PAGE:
4. poland anti govt protest shutterstock 681286030

    Poland Court Fight Has Europe on Edge

    They were doing so well. Despite a celebrated economic miracle, Poland is careening headlong toward disaster — dragging the European Union along with it. The Law and Justice Party-dominated senate today passed a law “reforming” the judiciary, giving the ruling party broad powers to replace high-court judges who certify elections. It’s brought thousands of protesters into the streets — a poll shows 55 percent of Poles favor a presidential veto — and warnings from officials in Brussels, who’ve threatened to strip Poland of its EU voting rights if it neuters democratic institutions.

  5. abortionsshutterstock 443810188

    Abortion Pills’ Success Spawns New Battleground

    They can’t live with this. After state-level medical restrictions helped shutter clinics providing surgical abortions, the procedures have declined to their lowest numbers in decades. But women and their doctors have been turning to medication abortions — permissible up to 10 weeks into a pregnancy — as an alternative that’s on track to overtake its invasive counterpart. To confront this new challenge, abortion foes have employed psychology, promoting a regret narrative, while conservative states are enacting laws requiring doctors to offer a medical “antidote” to the termination drugs — even though its safety remains unproven.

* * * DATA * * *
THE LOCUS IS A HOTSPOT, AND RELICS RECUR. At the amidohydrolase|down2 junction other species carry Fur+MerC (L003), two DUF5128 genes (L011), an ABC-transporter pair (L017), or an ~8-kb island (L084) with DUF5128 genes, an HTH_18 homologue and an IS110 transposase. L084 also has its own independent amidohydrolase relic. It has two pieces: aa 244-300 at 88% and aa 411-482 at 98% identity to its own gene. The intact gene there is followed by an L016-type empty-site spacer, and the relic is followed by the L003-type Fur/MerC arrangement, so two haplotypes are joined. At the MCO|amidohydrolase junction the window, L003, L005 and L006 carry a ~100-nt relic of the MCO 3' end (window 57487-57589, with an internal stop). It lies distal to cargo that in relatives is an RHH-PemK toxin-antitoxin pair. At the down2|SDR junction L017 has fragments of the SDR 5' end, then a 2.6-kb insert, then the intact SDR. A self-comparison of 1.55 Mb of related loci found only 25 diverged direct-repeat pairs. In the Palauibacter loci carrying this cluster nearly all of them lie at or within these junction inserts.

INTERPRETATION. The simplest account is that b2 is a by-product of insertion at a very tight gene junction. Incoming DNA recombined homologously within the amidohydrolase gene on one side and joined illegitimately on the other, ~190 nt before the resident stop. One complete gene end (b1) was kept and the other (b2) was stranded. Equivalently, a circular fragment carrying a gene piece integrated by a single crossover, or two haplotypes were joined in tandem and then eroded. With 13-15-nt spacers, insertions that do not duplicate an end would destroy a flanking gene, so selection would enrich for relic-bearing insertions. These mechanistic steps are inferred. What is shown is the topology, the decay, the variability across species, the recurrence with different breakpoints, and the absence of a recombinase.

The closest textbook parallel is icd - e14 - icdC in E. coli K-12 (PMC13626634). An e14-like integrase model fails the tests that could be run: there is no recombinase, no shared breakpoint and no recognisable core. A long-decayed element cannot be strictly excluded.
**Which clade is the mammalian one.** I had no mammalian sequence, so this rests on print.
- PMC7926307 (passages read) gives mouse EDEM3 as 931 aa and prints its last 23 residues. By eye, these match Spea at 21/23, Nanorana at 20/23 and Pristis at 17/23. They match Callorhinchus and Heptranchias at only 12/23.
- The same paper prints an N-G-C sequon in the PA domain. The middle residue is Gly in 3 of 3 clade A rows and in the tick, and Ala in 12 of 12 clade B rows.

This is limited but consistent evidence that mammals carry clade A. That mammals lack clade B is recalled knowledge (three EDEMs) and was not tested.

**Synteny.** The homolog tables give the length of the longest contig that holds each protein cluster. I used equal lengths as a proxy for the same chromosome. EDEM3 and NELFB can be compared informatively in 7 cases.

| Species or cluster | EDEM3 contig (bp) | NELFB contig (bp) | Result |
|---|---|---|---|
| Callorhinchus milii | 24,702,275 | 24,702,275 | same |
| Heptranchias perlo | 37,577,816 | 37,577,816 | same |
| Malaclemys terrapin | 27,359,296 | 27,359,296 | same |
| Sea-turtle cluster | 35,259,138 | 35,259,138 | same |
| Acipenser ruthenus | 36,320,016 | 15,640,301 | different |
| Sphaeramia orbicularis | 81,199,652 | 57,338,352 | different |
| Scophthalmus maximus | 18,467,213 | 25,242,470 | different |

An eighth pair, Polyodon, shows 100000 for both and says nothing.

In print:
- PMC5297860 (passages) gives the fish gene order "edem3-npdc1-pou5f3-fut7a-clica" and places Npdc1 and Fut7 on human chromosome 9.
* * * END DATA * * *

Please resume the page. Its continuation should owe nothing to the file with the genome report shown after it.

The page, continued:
6. shutterstock 327353597 syria

    Did the U.S. Surrender Syria?

    It’s complicated. American forces are still aiding the effort to oust ISIS from its Raqqa stronghold. But a Washington Post report says President Trump is canceling a covert program to train and equip moderate Syrian rebels to fight against the Russian-backed regime of Bashar Assad. The report was quickly blasted by ailing Republican Sen. John McCain, who called it “short-sighted” and playing into “Russia, Assad’s hands.” Meanwhile, a Trump security adviser indicated that the Syrian president’s ouster doesn’t need to accompany a political settlement, and the rebels say they feel “betrayed.” 

  7. Upcoming Russiagate Testimony, Shooting Death Resignation and West Bank Stabbings